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The Evolution of Comparative Advantage: Measurement and Welfare Implications

Author

Listed:
  • Andrei A. Levchenko

    (University of Michigan)

  • Jing Zhang

    (University of Michigan)

Abstract

Using an industry-level dataset of production and trade spanning 75 countries and 5 decades, and a fully speciÞed multi-sector Ricardian model, we estimate productivities at sector level and examine how they evolve over time in both developed and developing countries. We find that in both country groups, comparative advantage has become weaker: productivity grew systematically faster in sectors that were initially at the greater comparative disadvantage. The global welfare implications of this phenomenon are significant. Relative to the counterfactual scenario in which an individual countryÕs comparative advantage remained the same as in the 1960s, and technology in all sectors grew at the same country-specific average rate, welfare today is 1.9% lower at the median. The welfare impact varies greatly across countries, ranging from -0.5% to 6% among OECD countries, and from -9% to 27% among non-OECD countries. Remarkably, for the OECD countries, nearly all of the welfare impact is driven by changes in technology in OECD countries, and for the non-OECD countries, nearly all of the welfare impact is driven by changes in technology in non-OECD countries.

Suggested Citation

  • Andrei A. Levchenko & Jing Zhang, 2010. "The Evolution of Comparative Advantage: Measurement and Welfare Implications," Working Papers 610, Research Seminar in International Economics, University of Michigan.
  • Handle: RePEc:mie:wpaper:610
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    File URL: http://www.fordschool.umich.edu/rsie/workingpapers/Papers601-625/r610.pdf
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    References listed on IDEAS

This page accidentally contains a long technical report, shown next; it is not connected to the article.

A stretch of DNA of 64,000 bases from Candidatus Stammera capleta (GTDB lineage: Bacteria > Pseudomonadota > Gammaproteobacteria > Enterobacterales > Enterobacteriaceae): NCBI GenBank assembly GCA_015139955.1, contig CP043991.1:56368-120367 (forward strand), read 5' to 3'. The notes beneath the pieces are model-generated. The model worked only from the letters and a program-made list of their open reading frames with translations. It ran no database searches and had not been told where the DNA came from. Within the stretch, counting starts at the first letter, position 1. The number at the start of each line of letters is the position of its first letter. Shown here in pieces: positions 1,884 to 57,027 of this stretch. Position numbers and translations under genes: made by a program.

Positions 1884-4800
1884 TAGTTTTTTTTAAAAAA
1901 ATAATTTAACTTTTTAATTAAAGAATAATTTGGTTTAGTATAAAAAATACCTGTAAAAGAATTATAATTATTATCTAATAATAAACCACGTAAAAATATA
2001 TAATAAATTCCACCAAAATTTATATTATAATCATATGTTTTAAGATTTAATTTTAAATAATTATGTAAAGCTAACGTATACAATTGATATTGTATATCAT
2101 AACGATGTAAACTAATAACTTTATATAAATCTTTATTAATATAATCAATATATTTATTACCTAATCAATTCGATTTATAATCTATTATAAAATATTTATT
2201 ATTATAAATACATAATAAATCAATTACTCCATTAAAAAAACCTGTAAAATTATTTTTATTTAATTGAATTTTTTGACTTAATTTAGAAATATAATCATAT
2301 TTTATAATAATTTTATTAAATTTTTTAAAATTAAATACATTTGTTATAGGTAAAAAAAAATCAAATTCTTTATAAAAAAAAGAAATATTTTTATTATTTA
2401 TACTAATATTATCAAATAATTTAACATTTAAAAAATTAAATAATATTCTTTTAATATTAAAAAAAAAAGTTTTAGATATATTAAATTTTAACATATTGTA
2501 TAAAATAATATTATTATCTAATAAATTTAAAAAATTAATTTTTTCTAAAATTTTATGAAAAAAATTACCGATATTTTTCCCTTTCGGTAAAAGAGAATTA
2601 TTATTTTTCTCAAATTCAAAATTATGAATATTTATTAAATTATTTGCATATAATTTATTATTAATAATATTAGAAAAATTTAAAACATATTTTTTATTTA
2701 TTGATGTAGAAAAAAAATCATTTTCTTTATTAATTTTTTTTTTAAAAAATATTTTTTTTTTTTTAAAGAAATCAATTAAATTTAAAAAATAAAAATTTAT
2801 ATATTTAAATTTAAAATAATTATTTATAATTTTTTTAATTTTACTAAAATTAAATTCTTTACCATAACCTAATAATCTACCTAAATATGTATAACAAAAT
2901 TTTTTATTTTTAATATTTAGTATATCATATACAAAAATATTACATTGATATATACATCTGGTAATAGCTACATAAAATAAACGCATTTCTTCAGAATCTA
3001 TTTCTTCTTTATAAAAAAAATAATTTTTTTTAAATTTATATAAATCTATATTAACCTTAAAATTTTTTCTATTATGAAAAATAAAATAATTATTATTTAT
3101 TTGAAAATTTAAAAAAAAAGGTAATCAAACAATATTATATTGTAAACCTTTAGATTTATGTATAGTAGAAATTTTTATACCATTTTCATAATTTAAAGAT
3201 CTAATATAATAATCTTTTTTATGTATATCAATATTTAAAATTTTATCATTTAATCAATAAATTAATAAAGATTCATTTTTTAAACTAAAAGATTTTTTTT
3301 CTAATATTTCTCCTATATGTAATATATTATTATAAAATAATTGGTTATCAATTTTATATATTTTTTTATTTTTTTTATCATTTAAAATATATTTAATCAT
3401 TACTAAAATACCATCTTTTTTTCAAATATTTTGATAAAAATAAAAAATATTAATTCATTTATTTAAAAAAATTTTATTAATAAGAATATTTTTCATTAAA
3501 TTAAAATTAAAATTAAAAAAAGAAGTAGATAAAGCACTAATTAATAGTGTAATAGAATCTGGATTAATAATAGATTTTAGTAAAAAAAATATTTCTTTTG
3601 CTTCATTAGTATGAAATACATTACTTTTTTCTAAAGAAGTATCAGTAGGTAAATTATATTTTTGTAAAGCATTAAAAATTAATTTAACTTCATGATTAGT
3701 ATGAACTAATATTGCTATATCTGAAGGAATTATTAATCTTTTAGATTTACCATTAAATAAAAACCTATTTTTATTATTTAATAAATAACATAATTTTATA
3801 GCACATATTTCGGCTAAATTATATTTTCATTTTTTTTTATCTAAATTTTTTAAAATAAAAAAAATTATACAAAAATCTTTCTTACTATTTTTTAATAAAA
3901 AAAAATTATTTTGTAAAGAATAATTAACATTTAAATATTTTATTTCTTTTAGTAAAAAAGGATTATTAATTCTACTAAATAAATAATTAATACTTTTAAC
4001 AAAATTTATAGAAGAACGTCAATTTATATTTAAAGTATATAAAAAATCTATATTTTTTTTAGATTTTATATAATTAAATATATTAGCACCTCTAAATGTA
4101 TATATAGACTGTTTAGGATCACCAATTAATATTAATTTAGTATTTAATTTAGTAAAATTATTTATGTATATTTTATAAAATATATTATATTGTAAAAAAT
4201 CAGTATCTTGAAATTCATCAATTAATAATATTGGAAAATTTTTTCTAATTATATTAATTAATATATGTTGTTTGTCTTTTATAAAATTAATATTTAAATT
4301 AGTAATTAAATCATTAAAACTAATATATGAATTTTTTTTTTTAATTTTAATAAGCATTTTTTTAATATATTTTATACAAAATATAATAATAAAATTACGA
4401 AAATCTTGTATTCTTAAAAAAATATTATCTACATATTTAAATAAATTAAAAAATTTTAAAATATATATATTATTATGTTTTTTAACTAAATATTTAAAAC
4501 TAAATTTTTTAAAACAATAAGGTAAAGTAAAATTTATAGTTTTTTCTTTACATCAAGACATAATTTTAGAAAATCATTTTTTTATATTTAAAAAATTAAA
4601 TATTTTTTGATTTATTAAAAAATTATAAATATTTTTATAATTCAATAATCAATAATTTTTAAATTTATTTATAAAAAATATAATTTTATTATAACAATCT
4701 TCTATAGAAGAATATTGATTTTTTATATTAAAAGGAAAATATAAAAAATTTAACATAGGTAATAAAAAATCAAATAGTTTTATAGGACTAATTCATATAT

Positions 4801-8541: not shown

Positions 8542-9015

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    1. Finicelli, Andrea & Pagano, Patrizio & Sbracia, Massimo, 2013. "Ricardian selection," Journal of International Economics, Elsevier, vol. 89(1), pages 96-109.
    2. Brezis, Elise S & Krugman, Paul R & Tsiddon, Daniel, 1993. "Leapfrogging in International Competition: A Theory of Cycles in National Technological Leadership," American Economic Review, American Economic Association, vol. 83(5), pages 1211-1219, December.
    3. Lorenzo Caliendo & Fernando Parro, 2015. "Estimates of the Trade and Welfare Effects of NAFTA," Review of Economic Studies, Oxford University Press, vol. 82(1), pages 1-44.
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    Cited by:

    1. Ozlem Yaylaci, 2012. "Evolution of Trade Costs," EcoMod2012 4267, EcoMod.

    More about this item

    Keywords

    evolution of comparative advantage; welfare; Ricardian models of trade;

    JEL classification:

    • F15 - International Economics - - Trade - - - Economic Integration
    • F43 - International Economics - - Macroeconomic Aspects of International Trade and Finance - - - Economic Growth of Open Economies

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